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How a Short Sale Prevents Home Foreclosure

SHORT SALE FORECLOSURE The loss mitigation department of your mortgage lender is charged with handling short sale properties. During a short sale, you will be selling your property to an interested buyer for less than the amount you actually owe on your mortgage. Short sales are thoroughly investigated by the mortgage company and the process can be long an arduous, but the result is that you, your mortgage lender, and your buyer each gain something from the deal. Short sales are one of many ways of stopping foreclosure of your home.

Many loss mitigators are paid a bonus related to how many defaulted loans they are able to clear from the mortgage lenders books. With this in mind, the mitigator assigned to your case is as motivated to approve the short sale as you are, assuming it is in the best interests of the lender. Before they approve the sale however, you, and your buyer, will probably be required to submit a mountain of information to help the mitigator determine the value of the sale.

After you have submitted all of the documentation the lender asks for to determine the viability of your financial situation; documents such as a hardship letter, paystubs, medical bills, bank statements, and any other evidence that proves your predicament; and, assuming that the lender agrees that you are likely to be unable to repay your loan, the mortgage company will order what is called a brokers price opinion.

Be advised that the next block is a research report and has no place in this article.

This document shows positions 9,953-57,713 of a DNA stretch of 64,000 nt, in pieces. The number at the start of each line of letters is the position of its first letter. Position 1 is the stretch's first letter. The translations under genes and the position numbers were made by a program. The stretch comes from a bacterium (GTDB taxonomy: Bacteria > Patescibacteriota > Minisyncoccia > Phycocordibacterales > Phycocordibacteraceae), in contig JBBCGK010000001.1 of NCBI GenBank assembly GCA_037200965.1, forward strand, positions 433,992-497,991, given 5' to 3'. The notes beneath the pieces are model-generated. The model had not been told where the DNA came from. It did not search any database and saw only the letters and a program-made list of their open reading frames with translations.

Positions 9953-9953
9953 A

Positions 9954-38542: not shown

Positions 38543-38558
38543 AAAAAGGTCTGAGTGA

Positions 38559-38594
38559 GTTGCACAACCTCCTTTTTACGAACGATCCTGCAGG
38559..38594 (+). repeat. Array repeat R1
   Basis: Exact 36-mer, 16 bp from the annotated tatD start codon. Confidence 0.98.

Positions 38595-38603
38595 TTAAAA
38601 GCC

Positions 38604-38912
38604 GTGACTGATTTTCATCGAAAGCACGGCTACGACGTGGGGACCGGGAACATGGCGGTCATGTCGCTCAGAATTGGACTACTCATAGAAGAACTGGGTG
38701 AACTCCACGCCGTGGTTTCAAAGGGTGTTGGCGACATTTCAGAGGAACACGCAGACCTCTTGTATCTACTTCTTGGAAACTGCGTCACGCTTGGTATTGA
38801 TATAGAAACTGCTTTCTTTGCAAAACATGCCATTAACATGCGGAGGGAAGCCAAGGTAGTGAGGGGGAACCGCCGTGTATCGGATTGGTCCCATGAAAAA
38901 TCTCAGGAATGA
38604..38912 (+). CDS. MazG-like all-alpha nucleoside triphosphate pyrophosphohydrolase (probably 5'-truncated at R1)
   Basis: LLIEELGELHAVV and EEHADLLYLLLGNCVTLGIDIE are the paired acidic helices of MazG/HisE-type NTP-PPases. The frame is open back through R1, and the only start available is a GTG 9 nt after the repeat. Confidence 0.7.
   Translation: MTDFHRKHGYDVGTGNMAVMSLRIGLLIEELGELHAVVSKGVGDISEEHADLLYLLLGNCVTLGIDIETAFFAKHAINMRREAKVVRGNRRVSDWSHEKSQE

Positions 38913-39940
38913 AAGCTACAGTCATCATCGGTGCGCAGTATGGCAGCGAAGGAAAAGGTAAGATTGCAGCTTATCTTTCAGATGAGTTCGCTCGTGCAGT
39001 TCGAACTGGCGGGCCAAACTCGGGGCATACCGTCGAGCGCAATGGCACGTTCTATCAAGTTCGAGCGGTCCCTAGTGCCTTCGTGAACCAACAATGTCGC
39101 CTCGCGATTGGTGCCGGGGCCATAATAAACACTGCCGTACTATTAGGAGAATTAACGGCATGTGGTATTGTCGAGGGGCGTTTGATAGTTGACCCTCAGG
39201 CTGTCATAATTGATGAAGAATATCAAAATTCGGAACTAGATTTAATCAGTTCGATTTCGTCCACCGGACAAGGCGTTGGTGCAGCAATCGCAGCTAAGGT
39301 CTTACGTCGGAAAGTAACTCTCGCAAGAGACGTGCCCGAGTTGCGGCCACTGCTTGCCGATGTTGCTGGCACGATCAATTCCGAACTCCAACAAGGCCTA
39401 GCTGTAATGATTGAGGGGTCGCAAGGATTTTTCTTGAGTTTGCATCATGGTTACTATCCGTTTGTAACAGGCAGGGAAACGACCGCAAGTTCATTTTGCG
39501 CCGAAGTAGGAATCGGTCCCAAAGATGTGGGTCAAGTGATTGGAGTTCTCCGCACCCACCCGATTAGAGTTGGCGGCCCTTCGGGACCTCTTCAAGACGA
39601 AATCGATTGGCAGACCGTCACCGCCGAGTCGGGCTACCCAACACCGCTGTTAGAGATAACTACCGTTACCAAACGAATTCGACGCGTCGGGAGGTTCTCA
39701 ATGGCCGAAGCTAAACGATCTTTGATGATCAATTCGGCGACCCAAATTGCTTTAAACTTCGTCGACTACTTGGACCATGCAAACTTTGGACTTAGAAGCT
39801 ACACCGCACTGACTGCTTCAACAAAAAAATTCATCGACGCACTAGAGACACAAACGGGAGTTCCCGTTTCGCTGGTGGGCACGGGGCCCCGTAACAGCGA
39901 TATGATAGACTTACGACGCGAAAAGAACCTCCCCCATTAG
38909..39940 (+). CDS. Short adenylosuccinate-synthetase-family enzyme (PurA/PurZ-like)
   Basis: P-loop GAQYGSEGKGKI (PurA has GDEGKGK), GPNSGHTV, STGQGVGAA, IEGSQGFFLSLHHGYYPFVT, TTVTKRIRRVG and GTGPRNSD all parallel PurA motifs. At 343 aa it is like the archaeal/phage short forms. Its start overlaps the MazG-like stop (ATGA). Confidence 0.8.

BPO (Broker’s Price Opinion) is Key to a Short Sale

The Broker’s Price Opinion, or BPO, is the process which gives the lender an idea of the market value of your house. This is one instance where you want the value of your home to be low. If the broker’s price opinion is high, the mortgage lender may elect to foreclose on you home and put the house on the market themselves, where your property will be snagged up by home foreclosure buyers. So, the lower the BPO, the more likely it is that your lender will approve the short sale.